– β-cell loss [11] due to amyloid deposits (composed primarily of amylin) [2].

Similar with AD in T2D degeneration of pancreatic islets has been associated with NFTs formation [12].

ad2

 

2. INSULIN’S IMPLICATIONS IN Aβ BREAKDOWN

Both Aβ peptide and insulin are amyloidogenic peptides sharing a common sequence recognition motif. Together with other amyloidogenic proteins (i.e. glucagon and amylin) they are degraded by Insulin Degrading Enzyme (IDE)* [3, 13]. IDE highest expression is in the liver, testes, muscles and brain [4]. Aβ is also broken down through Neprilysin (NEP) [5].

Both Aβ peptide and insulin compete with each other not only for their degeneration through IDE but also for binding to insulin receptors [6].

Insulin plays a key role in the healthy metabolism of Aβ peptides. It up regulates the transport of AβPP/Aβ from trans-Golgi to cellular membrane [13] promoting the transport of Aβ outside the cell [13] and has been shown through different mechanisms to contribute to the increase of extracellular Aβ levels and decrease of intracellular Aβ levels [13].

As I will discuss later insulin seems to counteract many of the toxic effects of Aβ in the mitochondria.

ad3

In the only study so far that measured insulin levels in the brain** it was shown that insulin reduces with age in both healthy subjects and patients with AD [8] indicating that low brain insulin is not a direct cause of AD pathology. On the other hand though there is consistency in the findings of insulin resistance in AD patients [49].

ad4

The following mechanism has been speculated to contribute to that:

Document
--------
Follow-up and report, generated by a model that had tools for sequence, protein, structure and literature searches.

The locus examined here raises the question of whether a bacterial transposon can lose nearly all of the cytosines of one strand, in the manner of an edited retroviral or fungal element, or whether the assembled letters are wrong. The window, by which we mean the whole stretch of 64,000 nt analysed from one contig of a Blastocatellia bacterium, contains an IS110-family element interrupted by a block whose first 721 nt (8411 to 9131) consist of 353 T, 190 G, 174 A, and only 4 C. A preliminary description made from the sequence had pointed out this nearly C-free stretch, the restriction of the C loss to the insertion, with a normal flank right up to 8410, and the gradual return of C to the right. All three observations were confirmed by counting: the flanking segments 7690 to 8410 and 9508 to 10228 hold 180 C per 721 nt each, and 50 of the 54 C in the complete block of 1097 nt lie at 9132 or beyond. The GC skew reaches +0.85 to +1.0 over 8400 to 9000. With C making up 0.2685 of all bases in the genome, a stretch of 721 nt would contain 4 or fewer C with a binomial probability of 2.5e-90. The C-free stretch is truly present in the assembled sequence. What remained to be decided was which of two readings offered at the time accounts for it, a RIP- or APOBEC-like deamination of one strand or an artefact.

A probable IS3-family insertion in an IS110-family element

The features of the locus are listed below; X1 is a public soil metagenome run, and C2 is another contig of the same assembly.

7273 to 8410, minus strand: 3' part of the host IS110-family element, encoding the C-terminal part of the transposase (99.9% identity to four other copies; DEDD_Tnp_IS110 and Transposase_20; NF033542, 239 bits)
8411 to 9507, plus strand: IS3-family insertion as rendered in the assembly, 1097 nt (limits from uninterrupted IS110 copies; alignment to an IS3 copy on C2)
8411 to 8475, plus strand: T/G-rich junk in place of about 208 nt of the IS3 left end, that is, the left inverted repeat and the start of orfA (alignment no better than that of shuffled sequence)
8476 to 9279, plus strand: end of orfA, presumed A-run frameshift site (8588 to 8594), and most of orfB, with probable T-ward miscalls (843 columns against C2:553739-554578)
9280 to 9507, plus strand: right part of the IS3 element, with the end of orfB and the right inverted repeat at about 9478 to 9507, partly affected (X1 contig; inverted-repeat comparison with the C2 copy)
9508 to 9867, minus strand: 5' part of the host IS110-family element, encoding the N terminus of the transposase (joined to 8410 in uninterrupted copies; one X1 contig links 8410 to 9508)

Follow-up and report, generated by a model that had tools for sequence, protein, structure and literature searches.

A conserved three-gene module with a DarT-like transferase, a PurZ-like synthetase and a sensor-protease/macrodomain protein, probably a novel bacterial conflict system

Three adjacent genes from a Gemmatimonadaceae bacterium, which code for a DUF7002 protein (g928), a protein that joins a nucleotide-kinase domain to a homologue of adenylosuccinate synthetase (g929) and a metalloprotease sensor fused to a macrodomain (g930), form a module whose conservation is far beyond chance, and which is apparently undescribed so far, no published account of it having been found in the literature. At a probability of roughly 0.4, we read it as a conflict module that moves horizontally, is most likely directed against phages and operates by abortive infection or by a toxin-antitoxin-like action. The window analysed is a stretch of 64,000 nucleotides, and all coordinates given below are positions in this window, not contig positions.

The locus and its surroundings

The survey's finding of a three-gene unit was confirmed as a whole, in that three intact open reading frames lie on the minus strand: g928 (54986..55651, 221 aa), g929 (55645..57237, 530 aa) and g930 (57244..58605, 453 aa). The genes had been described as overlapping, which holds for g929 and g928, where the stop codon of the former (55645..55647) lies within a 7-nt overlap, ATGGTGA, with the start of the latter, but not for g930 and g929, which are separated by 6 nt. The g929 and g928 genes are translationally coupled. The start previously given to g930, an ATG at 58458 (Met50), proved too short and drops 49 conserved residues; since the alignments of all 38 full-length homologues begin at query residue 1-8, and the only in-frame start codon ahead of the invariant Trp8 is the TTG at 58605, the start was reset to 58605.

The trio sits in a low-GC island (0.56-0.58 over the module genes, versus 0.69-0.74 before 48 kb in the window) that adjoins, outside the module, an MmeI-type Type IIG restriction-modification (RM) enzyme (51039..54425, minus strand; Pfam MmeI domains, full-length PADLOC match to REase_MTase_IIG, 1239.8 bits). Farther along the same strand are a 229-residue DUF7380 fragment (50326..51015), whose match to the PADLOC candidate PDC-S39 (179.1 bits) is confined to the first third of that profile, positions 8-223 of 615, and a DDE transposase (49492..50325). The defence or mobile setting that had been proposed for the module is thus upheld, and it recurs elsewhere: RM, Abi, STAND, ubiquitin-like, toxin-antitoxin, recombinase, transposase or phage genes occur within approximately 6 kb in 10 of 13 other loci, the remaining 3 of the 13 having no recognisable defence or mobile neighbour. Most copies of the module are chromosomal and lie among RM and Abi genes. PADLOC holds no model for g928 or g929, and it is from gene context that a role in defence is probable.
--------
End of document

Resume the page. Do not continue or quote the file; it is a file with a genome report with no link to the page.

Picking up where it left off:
1. IDE expression decreases with aging [7] reducing the breakdown capacity of Aβ peptides; leading to higher intracellular Aβ levels.

2. Sequentially the relatively higher levels of Aβ 1-40 & Aβ 1-42 peptides by binding on insulin receptors reduce insulin’s binding capacity and promote insulin resistance [5].

The fact that insulin resistance is not specific to insulin in AD brain is supported by the fact that both insulin-like growth factor (IGF) I & II (50,51) and lectin (52) are reported to be lower.

Type 2 Diabetes & Alzheimer's

 

3. OTHER LINKS THROUGH WHICH INSULIN RESISTANCE CAN CONTRIBUTE TO ALZHEIMER’S

Insulin also regulates the phosphorylation of tau proteins with insulin resistance been shown to cause [14] tau hyper-phosphorylation [15] and the formation of NFTs.

Type 2 Diabetes & Alzheimer's

 

4. HYPOMETABOLISM OF GLUCOSE (IN CEREBRAL CORTEX)

In areas of the brain with high glucose demand and insulin resistance, AD patients have been shown to have compromised glucose metabolism [16]. 44% reduction in cerebral glucose metabolism has been reported in the early onset of AD [5].

Hypo metabolism of glucose leads to:

A. the inhibition of glutamine synthase, creatine kinase, aconitase, pyruvate dehydrogenase & α-ketoglutarate dehydrogenase [17,18,19] Sequentially the lower levels of pyruvate dehydrogenase lead to lower levels of acetyl-CoA, the compromised production of acetylcholine [20] and the decreased formation of intracellular cholesterol [21] (which is necessary for normal cell function).